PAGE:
When working in a high-production environment, tool life is often a top priority. To some extent, it doesn’t matter that you have the best or most expensive tool; it’s more important to maintain a consistent lifespan so as not to break parts, but the question is how to achieve this?

How to know tool wear in advance?

Many factors can contribute to tool wear, from the tool itself to external factors such as coolant, machine maintenance and material hardness. While achieving 100% repeatability is unrealistic, the key is to keep as many factors the same as possible from job to job and part to part.

Establishing repeatability makes it easier to prevent catastrophic failures that can damage the workpiece and tool, even before the tool is completely worn out, which is much more expensive than taking the tool out prematurely. Therefore, cost savings are one of the biggest benefits of consistent tool life. It is better to replace the tool earlier than to push it to its maximum life and possibly damage the tool part or machine parts, resulting in more setup time and more machine downtime.

Considering the benefits that can come from establishing a controlled process, here are some tips to help you achieve this better:

From bacteria and machine lubricants to acids and cutting debris, coolant contaminants can hinder the protective layer coolant provides to tool materials and cutting edges.Whether using a refractometer to assess concentration levels or water test strips to measure pH levels, maintaining coolant is always cheaper than replacing the entire system or risking damage to your tools.

To achieve the same tool life, preventive maintenance of machine tool components and fixtures is necessary. Vibration and lack of rigidity due to worn output components can cause damage to new tools that a shop encounters on the shop floor. Overall, it is important to schedule maintenance and upkeep on your equipment to reduce tool costs and machine downtime.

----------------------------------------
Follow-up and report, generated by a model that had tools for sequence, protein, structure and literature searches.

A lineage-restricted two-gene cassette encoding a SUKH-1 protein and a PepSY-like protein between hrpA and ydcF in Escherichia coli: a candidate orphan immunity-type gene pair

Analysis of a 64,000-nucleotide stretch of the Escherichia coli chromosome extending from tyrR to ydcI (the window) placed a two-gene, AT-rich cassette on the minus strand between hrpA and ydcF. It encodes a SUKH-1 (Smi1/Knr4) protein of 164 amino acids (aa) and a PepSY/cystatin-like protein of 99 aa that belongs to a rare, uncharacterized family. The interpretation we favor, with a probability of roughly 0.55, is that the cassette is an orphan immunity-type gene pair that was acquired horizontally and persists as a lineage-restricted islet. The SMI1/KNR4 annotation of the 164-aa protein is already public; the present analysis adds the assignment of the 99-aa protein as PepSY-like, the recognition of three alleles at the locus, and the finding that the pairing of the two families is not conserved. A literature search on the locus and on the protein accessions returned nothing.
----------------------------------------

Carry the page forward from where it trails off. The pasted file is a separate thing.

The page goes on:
While it can be difficult to purchase materials from the same supplier due to supply chain issues, it is important to try to purchase from the same supplier as differences in materials cause knives to work differently. When purchasing from different suppliers, it is important to monitor the inspection reports (MTR) received to ensure that the chemical composition is comparable (in this case, material composition) and make necessary changes to procedures to extend tool life.

For general purpose machining, tool holders are usually not the primary factor in reducing tool life. However, to achieve consistent results at higher spindle speeds, it is necessary to have a well-dynamically balanced toolholder and ensure that the tool is assembled with minimal runout to produce good results. Cleaning of the tool is also an important aspect of tool retention. After use, the tool will come with cutting fluid, which may cause errors in tool measurement and may lead to malfunction or inconsistent measurement results.

The same tool, the same working conditions and processing technology means consistent results. The key to doing this is sourcing tooling from a manufacturer with a good quality system that produces the same quality parts every time. If the manufacturer switches, even if the tool size is the same, the process will be affected because quality and performance standards vary from manufacturer to manufacturer.